We must address the needs of rural communities in Africa to help solve the continent’s human-elephant conflict.
Just after dawn, Tolstoy lumbers into view. A wandering giant, with tusks almost scraping the earth, this great elephant has roamed beneath Mount Kilimanjaro for nearly 50 years.
He has survived ivory poachers, spear attacks and terrible drought, but the mighty bull could be confronting a new threat to his natural realm: surging demand for avocados.
A turf war has erupted over a 180-acre (73-hectare) avocado farm near Amboseli, one of Kenya’s premier national parks, where elephants and other wildlife graze against the striking backdrop of Africa’s highest peak.
Opponents of the farm say it obstructs the free movement of iconic tuskers like Tolstoy – putting their very existence at risk – and clashes with traditional ways of using the land.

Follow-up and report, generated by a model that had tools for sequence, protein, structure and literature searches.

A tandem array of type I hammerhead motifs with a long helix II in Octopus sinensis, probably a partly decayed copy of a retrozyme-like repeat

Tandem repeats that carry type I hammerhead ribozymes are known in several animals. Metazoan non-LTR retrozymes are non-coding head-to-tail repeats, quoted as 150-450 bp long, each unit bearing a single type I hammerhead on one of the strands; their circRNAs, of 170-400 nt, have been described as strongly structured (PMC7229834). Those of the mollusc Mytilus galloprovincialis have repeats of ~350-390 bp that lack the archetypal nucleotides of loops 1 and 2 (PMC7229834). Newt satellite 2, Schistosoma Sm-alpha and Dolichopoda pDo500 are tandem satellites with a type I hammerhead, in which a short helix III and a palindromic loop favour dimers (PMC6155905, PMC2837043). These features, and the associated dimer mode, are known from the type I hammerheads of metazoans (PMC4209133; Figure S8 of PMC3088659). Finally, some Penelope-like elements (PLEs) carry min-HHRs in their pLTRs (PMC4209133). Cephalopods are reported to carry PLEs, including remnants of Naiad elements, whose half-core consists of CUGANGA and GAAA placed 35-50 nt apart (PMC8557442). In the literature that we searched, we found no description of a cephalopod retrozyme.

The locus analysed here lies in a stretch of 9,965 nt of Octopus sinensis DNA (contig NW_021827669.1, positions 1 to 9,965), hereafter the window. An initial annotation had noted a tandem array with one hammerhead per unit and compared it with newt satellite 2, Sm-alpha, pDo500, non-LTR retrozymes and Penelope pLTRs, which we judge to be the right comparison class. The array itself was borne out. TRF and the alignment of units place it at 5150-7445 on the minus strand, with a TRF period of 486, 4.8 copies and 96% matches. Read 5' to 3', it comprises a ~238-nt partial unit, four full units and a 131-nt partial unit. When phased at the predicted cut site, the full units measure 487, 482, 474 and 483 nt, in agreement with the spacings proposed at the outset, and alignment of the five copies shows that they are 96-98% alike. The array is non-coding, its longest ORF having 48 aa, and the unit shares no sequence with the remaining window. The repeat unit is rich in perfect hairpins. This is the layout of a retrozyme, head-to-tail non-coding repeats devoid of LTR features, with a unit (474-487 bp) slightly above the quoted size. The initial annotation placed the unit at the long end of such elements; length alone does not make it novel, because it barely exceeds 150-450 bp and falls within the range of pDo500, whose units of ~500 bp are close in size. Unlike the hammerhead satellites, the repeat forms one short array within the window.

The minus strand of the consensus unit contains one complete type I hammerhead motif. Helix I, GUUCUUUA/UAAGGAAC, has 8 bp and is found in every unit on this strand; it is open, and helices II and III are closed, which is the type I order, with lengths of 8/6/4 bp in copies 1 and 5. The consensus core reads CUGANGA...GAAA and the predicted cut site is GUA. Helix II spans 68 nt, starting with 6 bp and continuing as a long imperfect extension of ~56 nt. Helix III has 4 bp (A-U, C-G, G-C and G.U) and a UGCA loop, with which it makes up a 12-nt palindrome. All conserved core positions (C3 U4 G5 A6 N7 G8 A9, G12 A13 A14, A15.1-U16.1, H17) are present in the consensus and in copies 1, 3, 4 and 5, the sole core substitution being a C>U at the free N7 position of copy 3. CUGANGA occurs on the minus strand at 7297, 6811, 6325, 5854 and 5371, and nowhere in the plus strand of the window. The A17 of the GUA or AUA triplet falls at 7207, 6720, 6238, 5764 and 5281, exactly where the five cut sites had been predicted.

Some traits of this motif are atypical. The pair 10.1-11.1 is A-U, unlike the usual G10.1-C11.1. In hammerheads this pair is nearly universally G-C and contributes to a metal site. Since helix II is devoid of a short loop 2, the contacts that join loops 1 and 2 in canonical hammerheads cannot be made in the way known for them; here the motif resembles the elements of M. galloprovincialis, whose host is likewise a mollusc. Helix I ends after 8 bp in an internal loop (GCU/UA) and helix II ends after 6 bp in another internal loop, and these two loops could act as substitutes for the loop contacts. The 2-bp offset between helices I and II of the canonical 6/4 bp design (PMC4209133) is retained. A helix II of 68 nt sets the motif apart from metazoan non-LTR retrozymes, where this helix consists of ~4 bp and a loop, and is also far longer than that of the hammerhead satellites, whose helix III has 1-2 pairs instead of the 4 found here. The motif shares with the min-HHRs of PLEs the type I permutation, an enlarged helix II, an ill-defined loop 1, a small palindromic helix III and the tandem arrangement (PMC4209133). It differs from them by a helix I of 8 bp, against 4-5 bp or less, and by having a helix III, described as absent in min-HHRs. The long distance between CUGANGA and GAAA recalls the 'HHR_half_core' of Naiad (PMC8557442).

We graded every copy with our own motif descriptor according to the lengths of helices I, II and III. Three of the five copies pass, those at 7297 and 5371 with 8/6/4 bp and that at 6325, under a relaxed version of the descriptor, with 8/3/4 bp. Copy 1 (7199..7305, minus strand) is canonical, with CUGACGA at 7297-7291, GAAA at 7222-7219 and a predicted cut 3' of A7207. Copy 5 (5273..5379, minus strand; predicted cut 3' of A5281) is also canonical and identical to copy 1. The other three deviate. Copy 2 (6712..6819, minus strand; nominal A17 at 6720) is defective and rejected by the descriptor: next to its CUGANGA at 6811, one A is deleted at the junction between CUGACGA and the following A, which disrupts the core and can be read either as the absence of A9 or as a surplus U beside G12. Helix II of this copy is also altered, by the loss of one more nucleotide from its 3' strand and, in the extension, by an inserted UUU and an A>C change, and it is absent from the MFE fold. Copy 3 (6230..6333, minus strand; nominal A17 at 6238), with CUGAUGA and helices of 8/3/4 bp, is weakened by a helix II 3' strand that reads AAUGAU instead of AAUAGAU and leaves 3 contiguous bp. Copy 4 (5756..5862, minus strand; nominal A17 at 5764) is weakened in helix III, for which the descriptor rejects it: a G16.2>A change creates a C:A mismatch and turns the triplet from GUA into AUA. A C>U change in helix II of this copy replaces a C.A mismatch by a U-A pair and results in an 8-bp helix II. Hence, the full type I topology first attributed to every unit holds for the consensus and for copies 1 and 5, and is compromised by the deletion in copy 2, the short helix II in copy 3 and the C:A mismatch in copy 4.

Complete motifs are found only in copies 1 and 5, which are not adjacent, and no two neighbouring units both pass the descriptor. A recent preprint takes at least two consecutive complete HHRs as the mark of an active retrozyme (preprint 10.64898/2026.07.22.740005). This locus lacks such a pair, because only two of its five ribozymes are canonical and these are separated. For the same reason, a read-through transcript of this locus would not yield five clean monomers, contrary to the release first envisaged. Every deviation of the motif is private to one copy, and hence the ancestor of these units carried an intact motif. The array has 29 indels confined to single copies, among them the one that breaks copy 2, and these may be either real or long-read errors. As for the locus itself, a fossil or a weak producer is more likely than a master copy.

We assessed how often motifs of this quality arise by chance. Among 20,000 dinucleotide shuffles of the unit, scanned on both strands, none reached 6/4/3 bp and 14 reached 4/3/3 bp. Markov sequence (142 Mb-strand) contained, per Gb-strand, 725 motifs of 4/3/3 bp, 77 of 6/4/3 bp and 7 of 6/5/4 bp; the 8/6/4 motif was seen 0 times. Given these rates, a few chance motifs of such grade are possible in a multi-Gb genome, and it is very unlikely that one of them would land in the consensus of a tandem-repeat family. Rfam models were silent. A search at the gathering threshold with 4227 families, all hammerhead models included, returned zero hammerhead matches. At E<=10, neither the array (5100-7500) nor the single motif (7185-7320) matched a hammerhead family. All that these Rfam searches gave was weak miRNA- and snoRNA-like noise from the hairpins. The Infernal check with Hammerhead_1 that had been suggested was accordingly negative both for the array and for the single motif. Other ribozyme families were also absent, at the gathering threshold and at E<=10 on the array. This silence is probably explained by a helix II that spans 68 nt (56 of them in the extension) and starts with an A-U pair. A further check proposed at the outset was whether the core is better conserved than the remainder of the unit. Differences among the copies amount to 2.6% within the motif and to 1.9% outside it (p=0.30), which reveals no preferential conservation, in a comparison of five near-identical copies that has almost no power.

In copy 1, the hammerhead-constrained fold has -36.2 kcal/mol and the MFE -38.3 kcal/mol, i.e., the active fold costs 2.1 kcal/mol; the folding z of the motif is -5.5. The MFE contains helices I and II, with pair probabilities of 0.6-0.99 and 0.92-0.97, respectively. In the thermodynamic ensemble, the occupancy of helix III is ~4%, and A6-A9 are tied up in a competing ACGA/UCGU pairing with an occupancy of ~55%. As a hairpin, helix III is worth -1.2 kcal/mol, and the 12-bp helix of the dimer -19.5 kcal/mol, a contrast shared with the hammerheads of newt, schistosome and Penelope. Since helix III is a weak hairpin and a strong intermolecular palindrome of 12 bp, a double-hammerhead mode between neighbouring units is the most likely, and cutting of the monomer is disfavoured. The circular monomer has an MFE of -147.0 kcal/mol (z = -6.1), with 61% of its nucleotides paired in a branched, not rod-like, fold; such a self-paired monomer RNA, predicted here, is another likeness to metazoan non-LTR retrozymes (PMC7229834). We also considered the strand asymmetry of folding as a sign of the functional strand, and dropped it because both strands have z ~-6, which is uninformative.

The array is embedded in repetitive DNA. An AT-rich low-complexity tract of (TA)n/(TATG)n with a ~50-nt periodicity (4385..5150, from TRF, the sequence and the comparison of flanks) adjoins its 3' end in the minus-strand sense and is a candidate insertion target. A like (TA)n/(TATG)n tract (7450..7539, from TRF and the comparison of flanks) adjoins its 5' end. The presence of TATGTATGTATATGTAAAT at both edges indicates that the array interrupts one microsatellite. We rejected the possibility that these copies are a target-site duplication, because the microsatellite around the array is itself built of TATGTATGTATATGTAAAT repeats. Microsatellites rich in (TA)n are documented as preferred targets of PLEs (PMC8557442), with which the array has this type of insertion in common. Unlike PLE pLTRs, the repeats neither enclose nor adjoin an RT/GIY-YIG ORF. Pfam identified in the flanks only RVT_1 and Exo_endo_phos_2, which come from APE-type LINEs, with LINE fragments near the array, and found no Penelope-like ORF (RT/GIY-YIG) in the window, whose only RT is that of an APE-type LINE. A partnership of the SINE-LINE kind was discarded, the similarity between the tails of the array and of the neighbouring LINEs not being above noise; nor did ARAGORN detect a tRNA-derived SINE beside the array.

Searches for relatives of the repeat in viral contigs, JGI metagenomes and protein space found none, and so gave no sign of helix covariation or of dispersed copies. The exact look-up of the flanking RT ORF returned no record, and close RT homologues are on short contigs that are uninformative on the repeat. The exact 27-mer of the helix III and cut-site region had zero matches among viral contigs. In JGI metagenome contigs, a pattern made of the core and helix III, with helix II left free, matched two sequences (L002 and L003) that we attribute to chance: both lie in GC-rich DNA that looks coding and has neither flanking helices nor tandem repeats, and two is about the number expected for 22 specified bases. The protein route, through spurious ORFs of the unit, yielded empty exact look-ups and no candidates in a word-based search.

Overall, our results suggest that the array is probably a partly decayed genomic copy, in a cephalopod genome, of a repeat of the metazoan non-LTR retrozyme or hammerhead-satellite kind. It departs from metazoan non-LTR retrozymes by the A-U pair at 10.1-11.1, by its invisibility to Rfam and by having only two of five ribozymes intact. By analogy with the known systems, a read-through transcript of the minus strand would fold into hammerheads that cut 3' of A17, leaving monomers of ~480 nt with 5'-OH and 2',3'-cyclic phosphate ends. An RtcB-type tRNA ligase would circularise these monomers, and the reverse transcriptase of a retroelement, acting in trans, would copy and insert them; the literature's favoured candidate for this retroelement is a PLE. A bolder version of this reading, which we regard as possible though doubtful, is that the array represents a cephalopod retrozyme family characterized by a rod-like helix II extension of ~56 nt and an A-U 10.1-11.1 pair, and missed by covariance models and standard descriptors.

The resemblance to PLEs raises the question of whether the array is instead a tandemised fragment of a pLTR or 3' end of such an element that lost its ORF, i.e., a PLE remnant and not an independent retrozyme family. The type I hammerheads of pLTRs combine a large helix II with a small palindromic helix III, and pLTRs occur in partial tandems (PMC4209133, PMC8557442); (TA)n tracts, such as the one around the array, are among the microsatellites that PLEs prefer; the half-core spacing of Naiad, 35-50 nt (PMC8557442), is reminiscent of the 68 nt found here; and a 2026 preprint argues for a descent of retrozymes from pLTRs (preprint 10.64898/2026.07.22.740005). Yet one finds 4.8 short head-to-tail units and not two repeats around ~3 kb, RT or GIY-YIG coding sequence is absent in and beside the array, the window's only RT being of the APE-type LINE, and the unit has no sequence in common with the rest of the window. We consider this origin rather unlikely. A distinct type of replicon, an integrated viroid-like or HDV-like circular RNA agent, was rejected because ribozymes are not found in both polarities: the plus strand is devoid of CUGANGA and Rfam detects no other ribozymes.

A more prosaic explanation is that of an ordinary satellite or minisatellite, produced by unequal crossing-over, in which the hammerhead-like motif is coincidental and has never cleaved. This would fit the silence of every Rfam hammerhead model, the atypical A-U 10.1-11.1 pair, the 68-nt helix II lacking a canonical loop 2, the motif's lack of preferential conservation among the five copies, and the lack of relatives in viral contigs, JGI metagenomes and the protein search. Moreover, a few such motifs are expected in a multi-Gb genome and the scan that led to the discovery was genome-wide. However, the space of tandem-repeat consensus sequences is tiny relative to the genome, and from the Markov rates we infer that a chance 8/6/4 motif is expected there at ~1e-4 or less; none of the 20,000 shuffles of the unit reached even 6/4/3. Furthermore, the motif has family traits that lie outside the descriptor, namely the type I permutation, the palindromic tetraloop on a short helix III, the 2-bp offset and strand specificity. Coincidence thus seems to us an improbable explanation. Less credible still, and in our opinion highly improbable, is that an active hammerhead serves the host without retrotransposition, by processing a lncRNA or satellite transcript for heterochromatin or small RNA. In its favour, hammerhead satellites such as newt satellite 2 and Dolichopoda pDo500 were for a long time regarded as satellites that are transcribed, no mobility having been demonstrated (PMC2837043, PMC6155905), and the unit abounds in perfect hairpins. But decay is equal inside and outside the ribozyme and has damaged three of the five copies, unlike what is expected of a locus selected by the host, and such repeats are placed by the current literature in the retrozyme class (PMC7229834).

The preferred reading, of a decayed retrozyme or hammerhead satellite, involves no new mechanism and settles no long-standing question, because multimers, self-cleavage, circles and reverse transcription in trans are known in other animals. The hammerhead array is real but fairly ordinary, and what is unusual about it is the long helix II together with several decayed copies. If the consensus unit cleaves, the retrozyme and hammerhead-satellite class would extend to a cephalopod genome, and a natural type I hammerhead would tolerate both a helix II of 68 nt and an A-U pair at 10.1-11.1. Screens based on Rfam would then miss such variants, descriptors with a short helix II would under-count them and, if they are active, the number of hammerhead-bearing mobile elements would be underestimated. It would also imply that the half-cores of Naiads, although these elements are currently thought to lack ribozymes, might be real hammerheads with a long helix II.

The farm’s backers refute this, saying their development poses no threat to wildlife and generates much-needed jobs on idle land.
The rift underscores a broader struggle for dwindling resources that echoes beyond Kenya, as wilderness is constricted by expanding farmland to feed a growing population.
Kenya is a major avocado grower and exports have soared as the green superfood has become a hipster staple on cafe menus around the globe.
Already the sixth-largest supplier to Europe, Kenya’s avocado exports rose 33 percent to $127m in the year to October 2020, according to the Fresh Produce Exporters Association of Kenya.